Diagnosis of Disorders of Psychosis

Diagnosis of disorders of psychosisThe threshold for the determination whether the thought is damaged varies somewhat in different cultural contexts. As well as anxiety, psychotic symptoms can appear in a variety of mental disorders. They are associated in a very characteristic way with schizophrenia, but the psychotic symptoms may also appear in serious mood disorders.

One of the most common groups of symptoms that result from the disorder of the processing and interpretation of sensory information are hallucinations. Hallucination is called when an individual experiences a sensory impression that has no basis in reality. This impression may involve any of the sensory modalities. Thus, the hallucinations can be auditory, olfactory, gustatorias, kinesthetic, tactile or Visual. For example, auditory hallucinations often involve the impression that one is hearing a voice. In all cases, the sensory impression is falsely being experienced as real.

A more complex group of symptoms resulting from the alteration of the interpretation of the information consists of the delusions. A delusion is a false belief that has an individual despite the evidence otherwise. A common example is the paranoia, in which the person has delusional beliefs that others are trying to harm you. Attempts to persuade the person of their beliefs are unfounded, typically fail and may even result in additional reinforcement of their beliefs.

Hallucinations and delusions are among the most commonly observed psychotic symptoms. The lists of other symptoms that are seen in the Psychotic illnesses such as schizophrenia are shown below.

Common manifestations of schizophrenia

Positive symptoms

• Hallucinations

• Delusions

• Thought and disorganized behavior

• Scattered or illogical thoughts

• Agitation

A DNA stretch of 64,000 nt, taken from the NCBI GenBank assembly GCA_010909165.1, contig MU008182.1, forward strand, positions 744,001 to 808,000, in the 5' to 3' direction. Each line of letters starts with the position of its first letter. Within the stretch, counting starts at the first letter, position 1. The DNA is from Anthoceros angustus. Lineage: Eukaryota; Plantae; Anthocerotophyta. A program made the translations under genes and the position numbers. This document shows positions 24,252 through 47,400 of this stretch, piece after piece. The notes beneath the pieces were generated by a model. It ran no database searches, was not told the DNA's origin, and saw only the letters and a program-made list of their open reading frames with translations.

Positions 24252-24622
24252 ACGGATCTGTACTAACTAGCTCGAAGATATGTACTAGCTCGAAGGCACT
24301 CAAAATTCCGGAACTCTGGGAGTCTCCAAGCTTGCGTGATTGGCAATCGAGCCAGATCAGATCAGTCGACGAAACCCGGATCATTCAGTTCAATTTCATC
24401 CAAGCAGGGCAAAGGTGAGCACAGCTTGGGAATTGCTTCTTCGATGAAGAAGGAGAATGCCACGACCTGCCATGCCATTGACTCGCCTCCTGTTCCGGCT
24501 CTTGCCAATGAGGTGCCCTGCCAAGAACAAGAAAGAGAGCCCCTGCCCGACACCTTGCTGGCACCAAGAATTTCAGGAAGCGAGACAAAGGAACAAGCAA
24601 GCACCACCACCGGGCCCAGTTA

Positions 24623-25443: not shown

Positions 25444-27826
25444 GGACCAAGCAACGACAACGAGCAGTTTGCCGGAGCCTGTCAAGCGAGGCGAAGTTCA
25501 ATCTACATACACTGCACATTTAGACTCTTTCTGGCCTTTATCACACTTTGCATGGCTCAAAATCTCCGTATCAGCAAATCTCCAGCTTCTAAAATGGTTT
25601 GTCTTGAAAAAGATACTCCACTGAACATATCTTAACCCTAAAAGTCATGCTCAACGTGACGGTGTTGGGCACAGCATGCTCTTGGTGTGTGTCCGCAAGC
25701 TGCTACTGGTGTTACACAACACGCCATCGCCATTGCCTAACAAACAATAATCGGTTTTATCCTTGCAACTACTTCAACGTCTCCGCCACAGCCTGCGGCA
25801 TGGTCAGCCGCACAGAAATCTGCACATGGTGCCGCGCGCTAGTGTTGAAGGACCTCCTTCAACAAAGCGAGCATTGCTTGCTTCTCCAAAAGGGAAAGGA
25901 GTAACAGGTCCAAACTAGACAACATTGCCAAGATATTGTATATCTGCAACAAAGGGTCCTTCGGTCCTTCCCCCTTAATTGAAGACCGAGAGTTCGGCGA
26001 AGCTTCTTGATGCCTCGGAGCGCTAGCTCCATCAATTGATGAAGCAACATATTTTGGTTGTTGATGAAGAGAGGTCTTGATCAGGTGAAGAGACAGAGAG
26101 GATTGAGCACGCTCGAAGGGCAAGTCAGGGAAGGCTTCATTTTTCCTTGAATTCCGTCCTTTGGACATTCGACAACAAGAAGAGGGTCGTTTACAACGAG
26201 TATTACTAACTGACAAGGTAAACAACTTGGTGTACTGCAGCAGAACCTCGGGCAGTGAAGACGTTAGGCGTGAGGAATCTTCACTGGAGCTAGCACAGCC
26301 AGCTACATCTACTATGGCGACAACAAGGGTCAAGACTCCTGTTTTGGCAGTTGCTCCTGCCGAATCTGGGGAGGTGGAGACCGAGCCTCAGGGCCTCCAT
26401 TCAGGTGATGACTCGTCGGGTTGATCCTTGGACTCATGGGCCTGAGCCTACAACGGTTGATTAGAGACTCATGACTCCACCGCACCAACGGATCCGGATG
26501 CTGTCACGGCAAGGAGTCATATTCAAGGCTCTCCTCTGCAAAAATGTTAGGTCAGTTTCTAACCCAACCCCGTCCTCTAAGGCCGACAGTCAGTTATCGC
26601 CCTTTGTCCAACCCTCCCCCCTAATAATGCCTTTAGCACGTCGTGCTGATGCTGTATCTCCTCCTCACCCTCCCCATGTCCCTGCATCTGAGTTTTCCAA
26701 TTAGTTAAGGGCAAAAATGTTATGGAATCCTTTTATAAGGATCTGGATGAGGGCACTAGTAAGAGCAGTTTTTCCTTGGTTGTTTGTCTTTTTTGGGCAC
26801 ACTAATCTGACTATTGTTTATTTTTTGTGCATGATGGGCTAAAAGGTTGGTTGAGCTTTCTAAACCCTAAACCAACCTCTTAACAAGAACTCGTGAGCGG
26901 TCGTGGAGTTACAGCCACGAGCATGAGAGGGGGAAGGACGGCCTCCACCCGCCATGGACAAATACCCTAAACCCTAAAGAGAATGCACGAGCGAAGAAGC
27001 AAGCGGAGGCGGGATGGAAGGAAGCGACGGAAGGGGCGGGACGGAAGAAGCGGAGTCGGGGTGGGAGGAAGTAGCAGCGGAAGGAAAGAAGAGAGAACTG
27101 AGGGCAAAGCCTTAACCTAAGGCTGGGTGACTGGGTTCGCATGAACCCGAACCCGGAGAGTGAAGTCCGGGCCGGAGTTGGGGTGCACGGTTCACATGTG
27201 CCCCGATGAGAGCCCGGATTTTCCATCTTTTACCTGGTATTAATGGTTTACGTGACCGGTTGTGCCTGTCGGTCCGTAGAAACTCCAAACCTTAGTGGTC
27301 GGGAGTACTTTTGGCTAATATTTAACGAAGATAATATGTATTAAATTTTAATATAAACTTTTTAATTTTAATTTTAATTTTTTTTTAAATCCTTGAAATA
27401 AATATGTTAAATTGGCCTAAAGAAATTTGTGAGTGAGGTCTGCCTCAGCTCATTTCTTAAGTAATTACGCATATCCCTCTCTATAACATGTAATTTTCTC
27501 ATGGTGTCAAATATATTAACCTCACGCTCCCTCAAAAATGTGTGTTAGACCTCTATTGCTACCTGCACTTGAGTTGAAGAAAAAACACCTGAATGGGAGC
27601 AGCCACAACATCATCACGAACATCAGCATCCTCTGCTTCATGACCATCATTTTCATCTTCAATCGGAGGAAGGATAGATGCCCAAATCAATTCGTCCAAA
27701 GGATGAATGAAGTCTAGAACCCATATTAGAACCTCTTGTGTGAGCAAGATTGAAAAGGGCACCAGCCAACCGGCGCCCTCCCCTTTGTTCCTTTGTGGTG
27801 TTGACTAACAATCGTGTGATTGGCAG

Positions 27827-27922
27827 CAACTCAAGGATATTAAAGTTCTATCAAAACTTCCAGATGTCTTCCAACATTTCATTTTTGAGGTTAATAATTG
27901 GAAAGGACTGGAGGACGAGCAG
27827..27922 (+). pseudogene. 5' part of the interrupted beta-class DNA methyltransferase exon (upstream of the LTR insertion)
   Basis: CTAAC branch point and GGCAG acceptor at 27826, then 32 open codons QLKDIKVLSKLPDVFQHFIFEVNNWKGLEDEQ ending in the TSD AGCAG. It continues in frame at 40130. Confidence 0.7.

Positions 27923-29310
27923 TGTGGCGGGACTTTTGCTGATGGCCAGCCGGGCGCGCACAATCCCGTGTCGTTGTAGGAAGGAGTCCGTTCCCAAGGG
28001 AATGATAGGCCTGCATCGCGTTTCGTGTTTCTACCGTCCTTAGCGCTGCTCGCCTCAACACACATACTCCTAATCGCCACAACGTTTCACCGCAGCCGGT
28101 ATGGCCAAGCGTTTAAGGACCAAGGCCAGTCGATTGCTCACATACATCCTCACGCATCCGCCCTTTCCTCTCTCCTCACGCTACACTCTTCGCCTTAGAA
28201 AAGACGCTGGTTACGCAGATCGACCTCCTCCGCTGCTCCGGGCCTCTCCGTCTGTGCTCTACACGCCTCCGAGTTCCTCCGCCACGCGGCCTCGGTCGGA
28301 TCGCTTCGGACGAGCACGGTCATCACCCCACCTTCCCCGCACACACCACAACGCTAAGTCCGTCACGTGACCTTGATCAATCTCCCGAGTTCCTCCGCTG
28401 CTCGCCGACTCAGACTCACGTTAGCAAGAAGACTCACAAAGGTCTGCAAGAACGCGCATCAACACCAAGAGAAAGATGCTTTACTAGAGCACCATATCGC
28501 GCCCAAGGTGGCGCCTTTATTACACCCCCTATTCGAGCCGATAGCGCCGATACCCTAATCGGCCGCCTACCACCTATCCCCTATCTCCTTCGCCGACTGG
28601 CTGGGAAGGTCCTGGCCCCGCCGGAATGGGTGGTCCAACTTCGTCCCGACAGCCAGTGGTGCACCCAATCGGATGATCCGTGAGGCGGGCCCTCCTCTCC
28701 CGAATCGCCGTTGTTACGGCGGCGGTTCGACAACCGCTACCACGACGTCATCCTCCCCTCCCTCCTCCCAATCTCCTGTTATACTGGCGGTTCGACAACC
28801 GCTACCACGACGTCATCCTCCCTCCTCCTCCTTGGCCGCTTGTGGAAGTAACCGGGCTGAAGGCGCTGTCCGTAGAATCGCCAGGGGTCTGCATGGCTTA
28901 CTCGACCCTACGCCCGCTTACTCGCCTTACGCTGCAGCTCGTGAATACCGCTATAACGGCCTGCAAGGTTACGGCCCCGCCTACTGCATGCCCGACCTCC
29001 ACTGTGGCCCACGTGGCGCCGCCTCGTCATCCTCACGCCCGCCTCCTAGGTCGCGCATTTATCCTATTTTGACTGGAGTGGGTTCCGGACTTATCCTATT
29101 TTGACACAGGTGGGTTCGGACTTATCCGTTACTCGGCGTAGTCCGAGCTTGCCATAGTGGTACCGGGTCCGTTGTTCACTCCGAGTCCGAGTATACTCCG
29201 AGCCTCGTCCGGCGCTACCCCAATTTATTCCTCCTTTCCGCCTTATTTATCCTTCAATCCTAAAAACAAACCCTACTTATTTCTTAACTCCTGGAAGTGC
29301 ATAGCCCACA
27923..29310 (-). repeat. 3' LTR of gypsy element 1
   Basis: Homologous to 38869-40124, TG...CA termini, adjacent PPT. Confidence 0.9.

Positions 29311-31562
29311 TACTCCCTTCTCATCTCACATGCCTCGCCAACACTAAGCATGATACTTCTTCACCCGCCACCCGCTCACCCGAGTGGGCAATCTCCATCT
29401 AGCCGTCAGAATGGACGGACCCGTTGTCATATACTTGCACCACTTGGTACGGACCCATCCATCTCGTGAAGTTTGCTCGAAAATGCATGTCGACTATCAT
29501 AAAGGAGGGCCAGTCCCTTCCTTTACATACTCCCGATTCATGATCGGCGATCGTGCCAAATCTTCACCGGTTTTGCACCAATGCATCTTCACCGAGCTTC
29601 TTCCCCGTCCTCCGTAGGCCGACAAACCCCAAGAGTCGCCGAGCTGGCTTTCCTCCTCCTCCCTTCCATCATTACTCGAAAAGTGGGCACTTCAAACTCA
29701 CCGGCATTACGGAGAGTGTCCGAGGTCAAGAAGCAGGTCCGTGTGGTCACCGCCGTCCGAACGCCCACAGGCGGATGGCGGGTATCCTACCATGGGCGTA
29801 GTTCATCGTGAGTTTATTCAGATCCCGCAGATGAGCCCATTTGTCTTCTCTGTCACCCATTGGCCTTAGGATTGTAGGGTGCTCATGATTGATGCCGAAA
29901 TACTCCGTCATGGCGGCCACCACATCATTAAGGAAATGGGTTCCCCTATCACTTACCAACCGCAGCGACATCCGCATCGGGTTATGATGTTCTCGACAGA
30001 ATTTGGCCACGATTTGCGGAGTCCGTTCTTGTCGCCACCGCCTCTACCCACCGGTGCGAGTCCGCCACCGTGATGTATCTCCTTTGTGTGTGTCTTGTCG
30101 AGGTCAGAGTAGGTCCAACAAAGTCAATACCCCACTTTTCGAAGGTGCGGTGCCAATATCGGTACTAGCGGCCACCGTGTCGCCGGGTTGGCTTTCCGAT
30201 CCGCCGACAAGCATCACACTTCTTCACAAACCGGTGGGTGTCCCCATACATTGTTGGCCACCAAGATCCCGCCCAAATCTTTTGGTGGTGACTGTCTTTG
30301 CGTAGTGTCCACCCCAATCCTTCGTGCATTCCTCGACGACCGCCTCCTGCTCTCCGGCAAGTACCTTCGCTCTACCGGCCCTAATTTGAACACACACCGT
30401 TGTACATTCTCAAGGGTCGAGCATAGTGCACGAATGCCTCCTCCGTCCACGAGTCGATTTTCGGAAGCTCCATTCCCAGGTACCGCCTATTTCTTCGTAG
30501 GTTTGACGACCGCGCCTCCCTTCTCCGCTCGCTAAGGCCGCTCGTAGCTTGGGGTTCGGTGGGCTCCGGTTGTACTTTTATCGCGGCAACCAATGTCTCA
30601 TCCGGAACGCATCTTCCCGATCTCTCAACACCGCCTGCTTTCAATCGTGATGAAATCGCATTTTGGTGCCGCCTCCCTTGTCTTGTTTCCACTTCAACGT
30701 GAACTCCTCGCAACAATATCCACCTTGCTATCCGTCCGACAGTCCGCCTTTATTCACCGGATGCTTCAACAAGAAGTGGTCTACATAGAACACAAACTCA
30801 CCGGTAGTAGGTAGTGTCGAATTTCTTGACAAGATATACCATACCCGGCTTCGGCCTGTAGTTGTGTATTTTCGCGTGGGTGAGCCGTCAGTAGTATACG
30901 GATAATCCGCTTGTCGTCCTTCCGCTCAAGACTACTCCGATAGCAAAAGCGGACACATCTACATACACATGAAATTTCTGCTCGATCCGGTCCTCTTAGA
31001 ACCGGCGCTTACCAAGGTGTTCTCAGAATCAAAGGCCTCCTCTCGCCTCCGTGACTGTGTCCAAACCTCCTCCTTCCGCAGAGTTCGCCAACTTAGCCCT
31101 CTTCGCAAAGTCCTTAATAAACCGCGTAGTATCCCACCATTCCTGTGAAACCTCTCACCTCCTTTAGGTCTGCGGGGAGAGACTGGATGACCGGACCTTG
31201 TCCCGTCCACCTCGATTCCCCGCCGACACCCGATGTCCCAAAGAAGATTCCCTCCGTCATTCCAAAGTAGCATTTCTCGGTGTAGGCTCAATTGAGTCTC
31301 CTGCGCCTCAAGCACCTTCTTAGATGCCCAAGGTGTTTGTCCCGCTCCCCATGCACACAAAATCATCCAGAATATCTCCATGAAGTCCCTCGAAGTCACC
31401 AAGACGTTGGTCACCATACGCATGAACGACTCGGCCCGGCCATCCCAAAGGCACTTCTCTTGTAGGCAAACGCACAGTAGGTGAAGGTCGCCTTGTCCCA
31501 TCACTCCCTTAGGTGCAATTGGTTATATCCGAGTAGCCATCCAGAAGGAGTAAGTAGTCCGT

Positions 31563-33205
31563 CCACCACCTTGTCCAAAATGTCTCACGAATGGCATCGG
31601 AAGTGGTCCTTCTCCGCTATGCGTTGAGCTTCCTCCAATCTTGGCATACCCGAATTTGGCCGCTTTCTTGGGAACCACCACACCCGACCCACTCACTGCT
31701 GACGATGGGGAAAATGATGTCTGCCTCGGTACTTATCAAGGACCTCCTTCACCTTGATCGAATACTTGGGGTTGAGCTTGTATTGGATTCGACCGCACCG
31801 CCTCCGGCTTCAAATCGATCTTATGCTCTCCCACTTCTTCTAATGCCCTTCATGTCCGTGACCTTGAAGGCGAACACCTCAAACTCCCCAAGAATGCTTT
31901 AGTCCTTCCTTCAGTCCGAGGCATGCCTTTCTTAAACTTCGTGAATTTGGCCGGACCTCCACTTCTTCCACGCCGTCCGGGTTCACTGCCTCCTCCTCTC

Negative symptoms

• Affectivity flat or abolished

• Specific thoughts

• Anhedonia (inability to experience pleasure)

• Minimal motivation, spontaneity and initiative

The symptoms of schizophrenia are divided into two broad classes: positive and negative symptoms.

In general, positive symptoms involve the experience of something in the consciousness that normally should not be present. For example hallucinations and delusions are perceptions or beliefs that should not occur normally. In addition to the hallucinations and delusions, patients with psychotic disorders such as schizophrenia, often have great changes in the logical processing of your thoughts. In particular, the psychotic thought processes have the characteristic of being scattered, disorganized, illogical or extravagant. These alterations of the process of thought often produce a pattern of observable behavior that is also disorganized and extravagant. The severe alterations of the process and content of thought comprising positive symptoms often are the characteristics more recognizable and striking of psychotic disorders, such as schizophrenia or manic-depressive illness.

However, in addition to the positive symptoms, patients with schizophrenia and other psychoses may also show important deficits in the motivation and spontaneity, what is referred to as negative symptoms. While the positive symptoms represent the presence of something that should not occur normally, negative symptoms reflect the absence of thoughts and behaviors that on the other hand it should be present. The specific thoughts represent the deterioration of the ability to think in the abstract. The abolition of affectivity represents the deterioration of the ability to express emotions. The lack of motivation and the inability to initiate activities represents the main source of disability long-term schizophrenia. The anhedonia reflected a deficit in the ability to experience pleasure and react appropriately to pleasant situations. Positive symptoms such as hallucinations are responsible for much of the distress associated with schizophrenia, but negative symptoms seem to be responsible for much of the chronic disability and long term associated with the disorder.